82nd SFS says early goodbye to MWD
By Staff Sgt. Daniel Hill, 82nd Security Forces Squadron
/ Published November 09, 2006
SHEPPARD AIR FORCE BASE, Texas --
Since his arrival to Sheppard in May 1998, the 10-year old, 90-pound Belgian Tervuren named Charque has had quite an illustrious career, which was cut short recently due to an injury.
Maj. Gregory Nowak, 82nd Security Forces Squadron commander, retired Charque about two years early with the same honors which would be bestowed upon any Air Force member after he tore a ligament in his leg.
The injury was reparable. However, his age and the needed recovery time didn't prove beneficial to the Air Force.
"Ten years is about the average working life-span of military working dogs," said Tech. Sgt. Terrie Welch, the kennel master at the 82nd SFS. "Repairing him and returning him to duty is not a viable option."
In 2000, the Air Force began allowing working dog handlers to adopt retired dogs. Charque, however, did not benefit from the program. His aggressive disposition disqualified him during the screening, and the Air Force considered him too aggressive to be a house pet. Therefore, Charque will be euthanized.
"A dog of his temperament is a great asset to the military and to police officers, but not a suitable candidate for adoption due to liability," said Staff Sgt. Nate Workman, the MWD trainer at the 82nd SFS. "It's unfortunate he's not a suitable adoption candidate. Seeing this dog with his handler you would think he was the sweetest dog on the planet."
He said Charque's disposition changes, however, when anyone other than his trusted handler enters his view. Foaming, drooling and growling are commonplace when people approach this dog's cage.
When one of Charque's handlers died in 2002, the squadron had to recall former handler Officer Christopher Reichmann back to active duty to acclimate the dog to Tech. Sgt. Timothy Poag, his then-new handler.
"Charque was confined to his kennel for weeks because he wouldn't let anyone take him out," Sergeant Poag said.
Officer Reichmann, who now works for the U.S. Customs and Border Protection, was Charque's very first handler.
"I remember getting the call back in 2002," Mr. Reichmann said. "They needed me to come back to Sheppard and help them turn Charque over to Sergeant Poag."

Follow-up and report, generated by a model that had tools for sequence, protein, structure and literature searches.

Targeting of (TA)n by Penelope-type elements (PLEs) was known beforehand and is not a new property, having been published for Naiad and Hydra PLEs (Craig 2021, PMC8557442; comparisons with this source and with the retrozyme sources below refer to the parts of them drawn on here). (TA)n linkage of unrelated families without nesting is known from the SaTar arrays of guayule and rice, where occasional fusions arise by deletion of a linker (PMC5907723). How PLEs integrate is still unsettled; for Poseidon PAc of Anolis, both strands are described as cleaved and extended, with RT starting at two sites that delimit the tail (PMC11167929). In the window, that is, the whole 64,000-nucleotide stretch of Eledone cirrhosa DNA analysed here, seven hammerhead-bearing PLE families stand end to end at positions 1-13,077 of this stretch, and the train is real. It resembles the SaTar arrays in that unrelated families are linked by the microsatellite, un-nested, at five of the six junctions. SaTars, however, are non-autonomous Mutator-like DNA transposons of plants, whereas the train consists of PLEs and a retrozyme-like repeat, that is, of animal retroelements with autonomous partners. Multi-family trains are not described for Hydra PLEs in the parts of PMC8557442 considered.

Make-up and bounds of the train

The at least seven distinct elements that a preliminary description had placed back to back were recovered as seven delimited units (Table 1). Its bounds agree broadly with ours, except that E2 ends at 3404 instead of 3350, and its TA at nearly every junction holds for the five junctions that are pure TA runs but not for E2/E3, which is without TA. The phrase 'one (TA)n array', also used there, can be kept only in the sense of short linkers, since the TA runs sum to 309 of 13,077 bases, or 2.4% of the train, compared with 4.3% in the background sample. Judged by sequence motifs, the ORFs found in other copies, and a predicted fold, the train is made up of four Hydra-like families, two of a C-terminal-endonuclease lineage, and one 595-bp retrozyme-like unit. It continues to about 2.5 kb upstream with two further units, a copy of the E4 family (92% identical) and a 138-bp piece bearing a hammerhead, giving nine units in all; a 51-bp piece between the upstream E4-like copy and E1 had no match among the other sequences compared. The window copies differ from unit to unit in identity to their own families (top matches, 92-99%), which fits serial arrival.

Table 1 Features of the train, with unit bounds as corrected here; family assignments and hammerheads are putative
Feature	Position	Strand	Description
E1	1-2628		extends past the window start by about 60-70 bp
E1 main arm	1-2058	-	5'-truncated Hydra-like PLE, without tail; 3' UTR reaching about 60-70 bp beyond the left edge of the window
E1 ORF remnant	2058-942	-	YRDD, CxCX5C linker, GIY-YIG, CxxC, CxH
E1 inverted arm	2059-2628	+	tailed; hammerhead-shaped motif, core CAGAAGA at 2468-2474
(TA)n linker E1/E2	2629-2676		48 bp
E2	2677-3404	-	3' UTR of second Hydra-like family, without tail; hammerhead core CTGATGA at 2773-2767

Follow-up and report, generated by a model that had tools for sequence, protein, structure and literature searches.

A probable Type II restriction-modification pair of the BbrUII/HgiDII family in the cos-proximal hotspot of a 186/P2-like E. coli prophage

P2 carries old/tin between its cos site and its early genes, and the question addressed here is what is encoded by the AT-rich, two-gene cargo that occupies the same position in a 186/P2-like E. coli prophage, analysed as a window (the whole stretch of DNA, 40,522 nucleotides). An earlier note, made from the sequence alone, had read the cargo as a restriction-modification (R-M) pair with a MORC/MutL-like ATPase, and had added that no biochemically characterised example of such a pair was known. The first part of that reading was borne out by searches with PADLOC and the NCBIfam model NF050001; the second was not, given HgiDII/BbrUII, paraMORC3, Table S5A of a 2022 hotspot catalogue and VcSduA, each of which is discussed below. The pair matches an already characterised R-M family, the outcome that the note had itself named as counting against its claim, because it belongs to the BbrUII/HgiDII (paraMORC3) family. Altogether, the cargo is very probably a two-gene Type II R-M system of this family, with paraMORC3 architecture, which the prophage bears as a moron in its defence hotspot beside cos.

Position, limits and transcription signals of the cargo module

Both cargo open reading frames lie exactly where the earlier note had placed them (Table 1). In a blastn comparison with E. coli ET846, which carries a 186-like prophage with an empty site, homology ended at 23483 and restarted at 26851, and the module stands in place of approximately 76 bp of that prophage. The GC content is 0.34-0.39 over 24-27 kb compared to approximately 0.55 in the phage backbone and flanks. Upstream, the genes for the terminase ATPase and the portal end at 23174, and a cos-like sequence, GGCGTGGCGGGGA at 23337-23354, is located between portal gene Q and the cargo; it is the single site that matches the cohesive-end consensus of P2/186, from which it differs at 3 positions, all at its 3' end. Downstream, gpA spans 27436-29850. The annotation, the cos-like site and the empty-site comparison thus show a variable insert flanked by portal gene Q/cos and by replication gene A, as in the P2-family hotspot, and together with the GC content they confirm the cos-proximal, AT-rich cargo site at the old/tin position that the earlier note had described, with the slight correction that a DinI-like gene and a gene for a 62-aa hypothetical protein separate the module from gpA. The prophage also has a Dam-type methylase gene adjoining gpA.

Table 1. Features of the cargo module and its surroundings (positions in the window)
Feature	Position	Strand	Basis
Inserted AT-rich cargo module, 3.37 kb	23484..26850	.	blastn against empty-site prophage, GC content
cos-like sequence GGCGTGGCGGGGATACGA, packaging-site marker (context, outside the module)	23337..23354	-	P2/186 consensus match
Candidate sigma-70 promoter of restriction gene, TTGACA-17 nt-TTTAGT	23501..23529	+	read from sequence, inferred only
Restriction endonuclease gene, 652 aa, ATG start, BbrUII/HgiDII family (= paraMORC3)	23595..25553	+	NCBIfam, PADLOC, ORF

Mr. Reichmann was a reservist at Vance Air Force Base, Okla., at the time and said was more than happy to come back to Sheppard.
"Reichmann came back to Sheppard after a three-year absence, walked right into Charque's cage like it was nothing and gave him a big hug," Sergeant Poag said.
For the following two weeks, Officer Reichmann would go into Charque's cage and put a muzzle on him for Sergeant Poag.
"Charque and I would go for a walk every day for several weeks," Sergeant Poag said. "Finally one day after our walk, he came up, sat down and looked up at me. The look in his eyes let me know he thought I was okay and that was it. I was his new daddy."
In his eight-year tour of duty at Sheppard, Charque has had four handlers. His current handler, Staff Sgt. Thomas Butler, is pretty upset about the situation.
"He was a true hero and a great partner," Sergeant Butler said. "When he worked, he gave it his all, and he'll never be forgotten."
Charque has deployed four times in eight years, to everywhere from Saudi Arabia to Kyrgyzstan. He's supported 12 Secret Service missions, ensuring the safety of everyone from U.N. ambassadors, the secretary of the Air Force, the vice president and on four occasions, the president of the United States.
In September 2005, Charque went to New York City for the 60th Annual United Nations General Assembly where he provided steadfast support to representatives from all U.N. Member states.
"Charque has done more for his country than most Americans," Sergeant Workman said.